Project description:Solar ultraviolet (sUV) irradiation is a major environmental carcinogen that can cause inflammation and skin cancer. The costs and morbidity associated with skin cancer are increasing, and therefore identifying molecules that can help prevent skin carcinogenesis is important. In this study, we identified the p53-related protein kinase (PRPK) as a novel oncogenic protein that is phosphorylated by the T-LAK cell-originated protein kinase (TOPK). Knockdown of TOPK inhibited PRPK phosphorylation and conferred resistance to solar-simulated light (SSL)-induced skin carcinogenesis in mouse models. In the clinic, acute SSL irradiation significantly increased epidermal thickness as well as total protein and phosphorylation levels of TOPK and PRPK in human skin tissues. We identified two PRPK inhibitors, FDA-approved rocuronium bromide (Zemuron®) or betamethasone 17-valerate (Betaderm®) that could attenuate TOPK-dependent PRPK signaling. Importantly, topical application of either rocuronium bromide or betamethasone decreased SSL-induced epidermal hyperplasia, neovascularization, and cutaneous squamous cell carcinoma (cSCC) development in SKH1 (Crl: SKH1-Hrhr) hairless mice by inhibiting PRPK activation, and also reduced expression of the proliferation and oncogenesis markers, COX-2, cyclin D1, and MMP-9. This study is the first to demonstrate that targeting PRPK could be useful against sUV-induced cSCC development.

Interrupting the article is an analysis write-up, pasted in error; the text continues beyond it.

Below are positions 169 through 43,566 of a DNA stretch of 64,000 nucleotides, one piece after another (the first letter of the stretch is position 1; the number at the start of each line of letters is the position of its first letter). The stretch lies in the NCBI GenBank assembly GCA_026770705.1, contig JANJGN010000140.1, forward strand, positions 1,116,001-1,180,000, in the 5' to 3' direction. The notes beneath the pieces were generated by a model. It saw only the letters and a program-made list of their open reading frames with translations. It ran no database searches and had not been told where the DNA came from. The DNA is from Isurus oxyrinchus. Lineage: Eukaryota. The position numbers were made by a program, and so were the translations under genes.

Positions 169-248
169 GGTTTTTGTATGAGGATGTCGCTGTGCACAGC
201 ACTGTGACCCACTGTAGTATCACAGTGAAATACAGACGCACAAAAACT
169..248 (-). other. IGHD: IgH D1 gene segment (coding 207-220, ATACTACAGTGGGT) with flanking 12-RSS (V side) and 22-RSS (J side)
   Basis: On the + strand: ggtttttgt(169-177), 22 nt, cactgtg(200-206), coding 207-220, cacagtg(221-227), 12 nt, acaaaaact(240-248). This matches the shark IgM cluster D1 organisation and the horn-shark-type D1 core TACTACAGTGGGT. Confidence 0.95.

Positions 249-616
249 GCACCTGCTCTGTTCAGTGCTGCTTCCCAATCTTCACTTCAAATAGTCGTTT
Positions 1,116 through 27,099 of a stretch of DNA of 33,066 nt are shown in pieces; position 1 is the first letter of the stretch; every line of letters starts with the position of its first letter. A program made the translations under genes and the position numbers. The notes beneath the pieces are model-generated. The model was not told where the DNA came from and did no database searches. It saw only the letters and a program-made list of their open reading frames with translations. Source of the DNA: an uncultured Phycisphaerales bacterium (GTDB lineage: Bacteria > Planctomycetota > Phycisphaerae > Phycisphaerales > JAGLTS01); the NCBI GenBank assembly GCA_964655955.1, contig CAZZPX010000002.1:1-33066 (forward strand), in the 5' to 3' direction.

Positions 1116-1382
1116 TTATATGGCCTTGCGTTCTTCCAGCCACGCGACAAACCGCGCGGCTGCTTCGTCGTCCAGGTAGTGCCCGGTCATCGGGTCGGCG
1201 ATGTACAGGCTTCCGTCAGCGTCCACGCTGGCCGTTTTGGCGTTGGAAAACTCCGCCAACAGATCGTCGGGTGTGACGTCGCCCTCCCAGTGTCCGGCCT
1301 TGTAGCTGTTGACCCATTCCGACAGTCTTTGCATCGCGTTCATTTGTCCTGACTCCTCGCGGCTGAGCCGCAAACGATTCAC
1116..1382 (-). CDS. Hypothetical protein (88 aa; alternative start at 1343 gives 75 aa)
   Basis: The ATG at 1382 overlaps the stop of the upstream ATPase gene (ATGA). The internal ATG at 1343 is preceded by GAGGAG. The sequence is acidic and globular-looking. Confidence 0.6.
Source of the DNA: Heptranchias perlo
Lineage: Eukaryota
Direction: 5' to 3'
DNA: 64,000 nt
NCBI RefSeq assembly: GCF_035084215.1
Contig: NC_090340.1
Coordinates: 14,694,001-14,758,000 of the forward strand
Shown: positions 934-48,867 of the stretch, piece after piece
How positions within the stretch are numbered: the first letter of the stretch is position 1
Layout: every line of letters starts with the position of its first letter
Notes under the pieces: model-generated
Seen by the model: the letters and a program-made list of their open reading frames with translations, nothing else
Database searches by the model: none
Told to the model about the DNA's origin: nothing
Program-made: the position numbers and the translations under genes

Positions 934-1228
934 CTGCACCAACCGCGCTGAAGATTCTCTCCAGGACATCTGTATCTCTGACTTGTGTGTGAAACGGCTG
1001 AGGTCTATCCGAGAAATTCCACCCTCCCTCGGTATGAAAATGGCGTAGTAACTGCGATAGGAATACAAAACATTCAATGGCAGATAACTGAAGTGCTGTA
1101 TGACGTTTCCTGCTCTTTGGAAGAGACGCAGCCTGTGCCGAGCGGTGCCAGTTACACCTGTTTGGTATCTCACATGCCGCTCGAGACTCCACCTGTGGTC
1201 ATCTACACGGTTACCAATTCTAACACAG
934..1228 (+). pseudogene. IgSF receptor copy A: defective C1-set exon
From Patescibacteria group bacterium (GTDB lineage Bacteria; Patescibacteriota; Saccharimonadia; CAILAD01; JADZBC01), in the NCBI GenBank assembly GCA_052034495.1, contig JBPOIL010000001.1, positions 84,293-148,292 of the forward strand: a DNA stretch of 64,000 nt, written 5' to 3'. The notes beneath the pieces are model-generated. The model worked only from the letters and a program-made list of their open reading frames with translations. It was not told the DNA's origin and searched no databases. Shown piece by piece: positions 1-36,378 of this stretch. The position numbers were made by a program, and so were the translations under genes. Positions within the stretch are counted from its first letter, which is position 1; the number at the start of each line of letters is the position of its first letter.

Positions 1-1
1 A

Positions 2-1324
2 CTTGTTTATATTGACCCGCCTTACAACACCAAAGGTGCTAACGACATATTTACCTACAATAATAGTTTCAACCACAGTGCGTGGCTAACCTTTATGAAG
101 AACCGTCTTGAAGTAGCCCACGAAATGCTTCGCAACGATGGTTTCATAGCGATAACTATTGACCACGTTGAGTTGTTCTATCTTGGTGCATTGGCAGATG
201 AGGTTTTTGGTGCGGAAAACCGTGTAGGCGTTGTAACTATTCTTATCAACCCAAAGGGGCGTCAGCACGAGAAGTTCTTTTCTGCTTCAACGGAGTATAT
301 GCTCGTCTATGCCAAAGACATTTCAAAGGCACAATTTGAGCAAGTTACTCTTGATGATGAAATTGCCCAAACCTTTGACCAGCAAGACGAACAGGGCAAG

Project description:TRAF1 is a member of the TRAF protein family, which regulates the canonical and noncanonical NF-?B signaling cascades. Although aberrant TRAF1 expression in tumors has been reported, the role of TRAF1 remains elusive. Here, we report that TRAF1 is required for solar UV-induced skin carcinogenesis. Immunohistochemical analysis showed that TRAF1 expression is up-regulated in human actinic keratosis and squamous cell carcinoma. In vivo studies indicated that TRAF1 expression levels in mouse skin are induced by short-term solar UV irradiation, and a long-term skin carcinogenesis study showed that deletion of TRAF1 in mice results in a significant inhibition of skin tumor formation. Moreover, we show that TRAF1 is required for solar UV-induced extracellular signal-regulated kinase-5 (ERK5) phosphorylation and the expression of AP-1 family members (c-Fos/c-Jun). Mechanistic studies showed that TRAF1 expression enhances the ubiquitination of ERK5 on lysine 184, which is necessary for its kinase activity and AP-1 activation. Overall, our results suggest that TRAF1 mediates ERK5 activity by regulating the upstream effectors of ERK5 and also by modulating its ubiquitination status. Targeting TRAF1 function might lead to strategies for preventing and treating skin cancer.